Kevin Gates: I could say I really appreciated it when I couldn’t do it. I missed it, when I was incarcerated and was away from the music. But as far as me having to do it, my life doesn’t operate correctly if I don’t make music. I don’t feel good if I’m not making music. It’s therapeutic in nature for me.

One of your early career breakthrough moments happened in 2016, when you released your debut album, Islah, which opened at No. 2 on the Billboard album chart and solidified you as a name to watch. What was that time like for you?

I felt cheated after the Islah project came out because I was incarcerated. I’m talking about until this date, I was innocent. I didn’t do anything. I did a six-month bid in Florida over a lie. And then I had to turn right around and do close to three years in Chicago over a lie. When I left, it’s like I never really truly ever got to reach my peak and I harbor resentment for that for a long time. I came to peace with it. I was nominated for the Grammys. Just so much momentum was lost, but I never really lost anything. I gained a greater sense of myself.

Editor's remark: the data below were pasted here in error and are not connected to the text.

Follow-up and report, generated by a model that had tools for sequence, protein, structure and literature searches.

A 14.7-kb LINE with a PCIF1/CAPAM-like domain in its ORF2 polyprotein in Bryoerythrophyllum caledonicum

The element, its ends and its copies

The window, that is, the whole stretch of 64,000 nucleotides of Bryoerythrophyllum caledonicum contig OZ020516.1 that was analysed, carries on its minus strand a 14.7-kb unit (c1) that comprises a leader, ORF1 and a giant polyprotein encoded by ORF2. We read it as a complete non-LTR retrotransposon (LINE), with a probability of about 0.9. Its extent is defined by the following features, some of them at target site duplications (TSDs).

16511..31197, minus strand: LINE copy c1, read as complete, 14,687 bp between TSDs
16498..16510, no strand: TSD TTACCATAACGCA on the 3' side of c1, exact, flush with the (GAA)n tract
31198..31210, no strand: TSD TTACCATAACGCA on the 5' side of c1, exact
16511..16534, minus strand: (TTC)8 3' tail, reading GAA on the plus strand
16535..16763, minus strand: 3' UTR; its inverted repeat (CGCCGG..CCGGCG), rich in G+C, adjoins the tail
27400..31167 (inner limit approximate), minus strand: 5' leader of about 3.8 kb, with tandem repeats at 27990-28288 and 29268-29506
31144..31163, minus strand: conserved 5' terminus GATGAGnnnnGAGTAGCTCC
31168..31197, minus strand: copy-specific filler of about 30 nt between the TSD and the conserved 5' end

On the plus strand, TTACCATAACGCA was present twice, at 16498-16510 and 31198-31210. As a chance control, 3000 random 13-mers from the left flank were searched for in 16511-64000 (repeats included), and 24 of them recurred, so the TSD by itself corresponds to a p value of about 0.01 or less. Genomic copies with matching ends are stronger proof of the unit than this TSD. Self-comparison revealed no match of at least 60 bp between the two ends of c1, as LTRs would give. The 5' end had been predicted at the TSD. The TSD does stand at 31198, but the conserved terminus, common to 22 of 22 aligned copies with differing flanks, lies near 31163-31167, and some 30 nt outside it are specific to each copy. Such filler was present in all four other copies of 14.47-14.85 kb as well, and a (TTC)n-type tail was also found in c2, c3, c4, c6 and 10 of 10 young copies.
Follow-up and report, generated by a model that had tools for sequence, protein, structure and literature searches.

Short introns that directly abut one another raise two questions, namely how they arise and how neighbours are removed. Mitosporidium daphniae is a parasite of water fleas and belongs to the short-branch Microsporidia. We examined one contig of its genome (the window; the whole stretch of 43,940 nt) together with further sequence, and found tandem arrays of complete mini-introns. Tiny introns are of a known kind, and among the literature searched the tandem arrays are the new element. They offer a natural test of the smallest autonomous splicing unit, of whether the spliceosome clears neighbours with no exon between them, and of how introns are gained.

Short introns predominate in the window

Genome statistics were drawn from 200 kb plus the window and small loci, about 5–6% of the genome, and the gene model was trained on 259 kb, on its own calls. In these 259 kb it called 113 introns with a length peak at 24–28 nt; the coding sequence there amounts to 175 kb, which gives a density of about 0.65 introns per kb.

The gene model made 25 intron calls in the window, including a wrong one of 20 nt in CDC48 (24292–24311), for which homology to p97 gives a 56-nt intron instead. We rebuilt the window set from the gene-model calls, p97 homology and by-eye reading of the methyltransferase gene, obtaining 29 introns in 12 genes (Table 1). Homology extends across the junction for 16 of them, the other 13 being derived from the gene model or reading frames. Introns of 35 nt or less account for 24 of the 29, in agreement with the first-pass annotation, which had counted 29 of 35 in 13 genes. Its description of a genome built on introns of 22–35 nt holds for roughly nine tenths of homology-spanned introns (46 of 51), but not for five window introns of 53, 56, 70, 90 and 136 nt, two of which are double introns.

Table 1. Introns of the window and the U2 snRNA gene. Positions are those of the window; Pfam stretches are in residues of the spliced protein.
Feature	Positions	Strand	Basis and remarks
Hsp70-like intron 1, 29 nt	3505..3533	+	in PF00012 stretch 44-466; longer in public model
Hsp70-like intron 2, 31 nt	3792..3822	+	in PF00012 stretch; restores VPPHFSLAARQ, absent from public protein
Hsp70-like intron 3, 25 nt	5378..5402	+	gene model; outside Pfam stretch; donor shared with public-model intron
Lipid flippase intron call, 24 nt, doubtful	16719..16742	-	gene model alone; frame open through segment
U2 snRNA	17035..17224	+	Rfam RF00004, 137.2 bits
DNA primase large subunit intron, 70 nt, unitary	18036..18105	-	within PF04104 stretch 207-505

How did you come to peace with it?

Through my fitness journey. I battle with depression. I used to do a lot of drugs and then fitness became my drug of choice because I’ve never been to rehab. It used to be like, you had to do drugs to make great music. I used to feel like that. I learned how to translate energy, such as sex mutation. That’s when, if you wake up in the morning, instead of me masturbating, I just take that energy and go to the gym with it. Even with semen retention, I don’t release. I just start allowing me to tap into something different. The energy. The strength.

You’ve changed so much over the years, and now one of your older songs from 2013, "Thinking With My Dick," is turning into a huge streaming hit. How do you view the song’s newfound success with who you are now as a person?